Time Machine: 50 years ago, Vail filmmaker Roger Brown speaks out against trans-mountain water diversions | VailDaily.com
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Time Machine: 50 years ago, Vail filmmaker Roger Brown speaks out against trans-mountain water diversions

A cartoon from the June 23, 1972 edition of the Vail Trail newspaper.
Vail Daily archive

5 years ago

June 22, 2017

Bravo! Vail celebrated its 30th anniversary. Composer Edgar Meyer heard Joshua Bell and the Academy of St. Martin in the Fields play his work in front of a crowd for the first time on Opening Night, which was also streamed on Facebook in another first for Bravo! Vail.

June 26, 2017



Trout Unlimited announced that the Abrams Creek restoration project in Gypsum was awarded $190,500 in grants. The project created a pipeline to Gypsum’s Buckhorn Valley neighborhood to leave more flows in Abrams Creek for the benefit of the creek’s native cutthroat trout population.

10 years ago

June 21, 2012



The Forest Service and Bureau of Land Management launched a full assignment for structure protection, complete with air support, into the Wildridge neighborhood after concerned residents called in a sighting of smoke in the air north of the community.

“The report turned out to be nothing, but these kinds of reactions are necessary as the state faces record-setting drought conditions, forests full of pine beetle-killed trees and other dead and dry fuels and wildfires already burning around the state,” the Vail Daily reported.

20 years ago

June 22, 2002



Part-time Beaver Creek resident Steve Fossett was clocked at 78 mph in a hot air balloon over the South Pacific, about a quarter of the way through his mission to become the first person to make a solo flight around the world in a balloon.

30 years ago

June 26, 1992

Vail expressed concern that it may lose its bid to host the 1999 World Alpine Ski Championships due to corruption.

“George Gillett calls it ‘voting inducements,’ while others less politely call it bribery,” the Vail Trail reported. “But by whatever name, the politics of vote brokering among delegates at the FIS congress in Budapest, Hungary, earlier this month has Vail delegates concerned.”

The fact that Gillett, who owned Vail Mountain before filing for bankruptcy in 1991, was part of the Vail delegation in Budapest, sent a message to the FIS, said Vail Valley Foundation President John Garnsey.

“It sent a message that the old team was still intact, and that these guys meant business,” Garnsey told the Vail Trail.

40 years ago

June 23, 1982

A single-engine plane, owned by a Phoenix dentist who was reportedly in Vail to speak at a dental conference, landed illegally at the Avon STOLport.

Because a previous incident on the Avon runway involved a plane suddenly taking to the skies and fleeing the scene when it was supposed to be taxiing to a nearby truck to be moved, the Phoenix dentist’s plane was chained up while the county consulted with the Federal Aviation Administration regarding penalties for the illegal landing.

The Avon Stolport was clearly marked as off limits on the aviator’s sectional maps and it wasn’t an emergency landing, said Timothy Mooney, district manager for Rocky Mountain Airways, which had exclusive use of the runway.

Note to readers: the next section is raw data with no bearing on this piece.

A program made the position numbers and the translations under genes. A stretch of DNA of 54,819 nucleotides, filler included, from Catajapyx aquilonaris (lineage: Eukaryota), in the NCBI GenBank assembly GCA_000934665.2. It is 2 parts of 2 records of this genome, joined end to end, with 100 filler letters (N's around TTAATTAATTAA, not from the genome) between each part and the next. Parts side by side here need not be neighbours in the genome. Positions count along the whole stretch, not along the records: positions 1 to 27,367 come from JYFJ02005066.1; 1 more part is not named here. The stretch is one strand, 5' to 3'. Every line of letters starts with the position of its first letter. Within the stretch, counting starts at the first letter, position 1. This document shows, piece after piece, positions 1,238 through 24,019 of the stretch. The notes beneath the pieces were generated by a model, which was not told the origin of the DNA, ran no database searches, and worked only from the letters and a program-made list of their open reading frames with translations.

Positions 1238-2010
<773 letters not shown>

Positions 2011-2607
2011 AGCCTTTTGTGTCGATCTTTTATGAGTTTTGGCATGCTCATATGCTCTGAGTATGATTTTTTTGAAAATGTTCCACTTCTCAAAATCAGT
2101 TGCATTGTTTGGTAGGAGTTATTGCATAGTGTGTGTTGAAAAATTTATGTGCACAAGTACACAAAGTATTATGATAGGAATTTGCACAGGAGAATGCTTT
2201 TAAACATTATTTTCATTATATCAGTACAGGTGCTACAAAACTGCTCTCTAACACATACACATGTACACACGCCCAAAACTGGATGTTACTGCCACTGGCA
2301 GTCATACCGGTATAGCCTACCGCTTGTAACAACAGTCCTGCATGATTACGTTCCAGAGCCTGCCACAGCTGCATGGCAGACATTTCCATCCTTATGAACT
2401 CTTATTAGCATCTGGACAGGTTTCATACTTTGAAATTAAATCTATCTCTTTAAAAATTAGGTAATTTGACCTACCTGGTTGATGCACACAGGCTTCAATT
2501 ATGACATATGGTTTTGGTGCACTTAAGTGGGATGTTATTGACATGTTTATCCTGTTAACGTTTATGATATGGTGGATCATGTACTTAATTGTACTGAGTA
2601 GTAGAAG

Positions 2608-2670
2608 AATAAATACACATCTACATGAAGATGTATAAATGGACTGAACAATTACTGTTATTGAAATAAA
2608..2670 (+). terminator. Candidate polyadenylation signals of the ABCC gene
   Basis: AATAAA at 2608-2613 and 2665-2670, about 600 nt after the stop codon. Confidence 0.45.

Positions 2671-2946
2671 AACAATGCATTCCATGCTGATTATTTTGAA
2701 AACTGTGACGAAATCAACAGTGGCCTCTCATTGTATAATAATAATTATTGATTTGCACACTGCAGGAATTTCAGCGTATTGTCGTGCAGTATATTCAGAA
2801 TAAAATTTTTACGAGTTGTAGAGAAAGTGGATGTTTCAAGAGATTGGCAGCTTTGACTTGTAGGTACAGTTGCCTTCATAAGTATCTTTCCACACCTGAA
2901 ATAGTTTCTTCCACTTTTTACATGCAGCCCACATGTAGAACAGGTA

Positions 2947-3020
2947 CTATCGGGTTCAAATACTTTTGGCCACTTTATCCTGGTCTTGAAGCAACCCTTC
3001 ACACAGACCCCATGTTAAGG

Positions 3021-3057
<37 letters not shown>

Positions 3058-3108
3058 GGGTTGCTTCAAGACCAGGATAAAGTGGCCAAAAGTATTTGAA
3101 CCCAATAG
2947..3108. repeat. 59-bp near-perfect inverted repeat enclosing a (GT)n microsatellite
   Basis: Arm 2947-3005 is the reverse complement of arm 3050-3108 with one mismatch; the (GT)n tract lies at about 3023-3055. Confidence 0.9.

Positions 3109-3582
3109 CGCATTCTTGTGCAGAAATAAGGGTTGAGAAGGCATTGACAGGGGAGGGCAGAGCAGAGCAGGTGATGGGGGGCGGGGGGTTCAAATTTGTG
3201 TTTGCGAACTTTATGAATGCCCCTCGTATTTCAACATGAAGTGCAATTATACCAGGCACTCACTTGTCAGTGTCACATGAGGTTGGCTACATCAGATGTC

50 years ago

June 23, 1972

Colorado filmmaker Roger Brown urged “Denver residents who are Vail friends” to vote no on a Denver Water Board bond measure to allow more trans-mountain diversions from the Western Slope to the Front Range.

Brown warned about diversions occurring in the proposed Eagles Nest and Holy Cross wilderness areas if the bond measure passed.

The column ran alongside an editorial cartoon called “The Western Slurp” which depicted a city-dwelling octopus using a tube to drink water from the mountains.

60 years ago

Week of June 21, 1962

H.R. 2206, a bill to authorize the Secretary of the Interior to construct the Fryingpan-Arkansas Reclamation Project, was on the minds of many in Eagle County due to its recent passage in the House of Representatives.

The bill would later be signed into law by President Kennedy in Colorado.

“With the passage of the Fryingpan-Arkansas diversion bill, one should think that Eagle County and Eagle should immediately take a look into the future,“ the Eagle Valley Enterprise opined.

A District Judge dismissed action to form the Eagle Water Conservancy District, based on petitions from attorneys which were presumed to be made as a result of the House of Representatives passage of H.R. 2206.

70 years ago

June 26, 1952

The Eagle Valley Enterprise published a story about the possibility for a tunnel through the mountains, creating a “super highway” which would be a “substitute for Loveland Pass.”

The story foreshadowed the battle to come between advocates for the Highway 40 route for the super highway, and advocates for the Highway 6 route which the interstate would eventually take.

“Loveland tunnel is a much better proposal than the Boulder brainstorm for a tunnel through the divide to Tabernash,” the Enterprise wrote.

80 years ago

June 18, 1942

Local resident and mine worker Harry Palmer was killed and two others were badly injured when a round of explosives was prematurely detonated in the Empire Zinc mine at Gilman.

“Palmer was directly in front of the first explosion and undoubtedly caught the full force of it, being killed instantly,” the Eagle Valley Enterprise reported, calling the incident one of the most horrible tragedies in the history of the Gilman mine.


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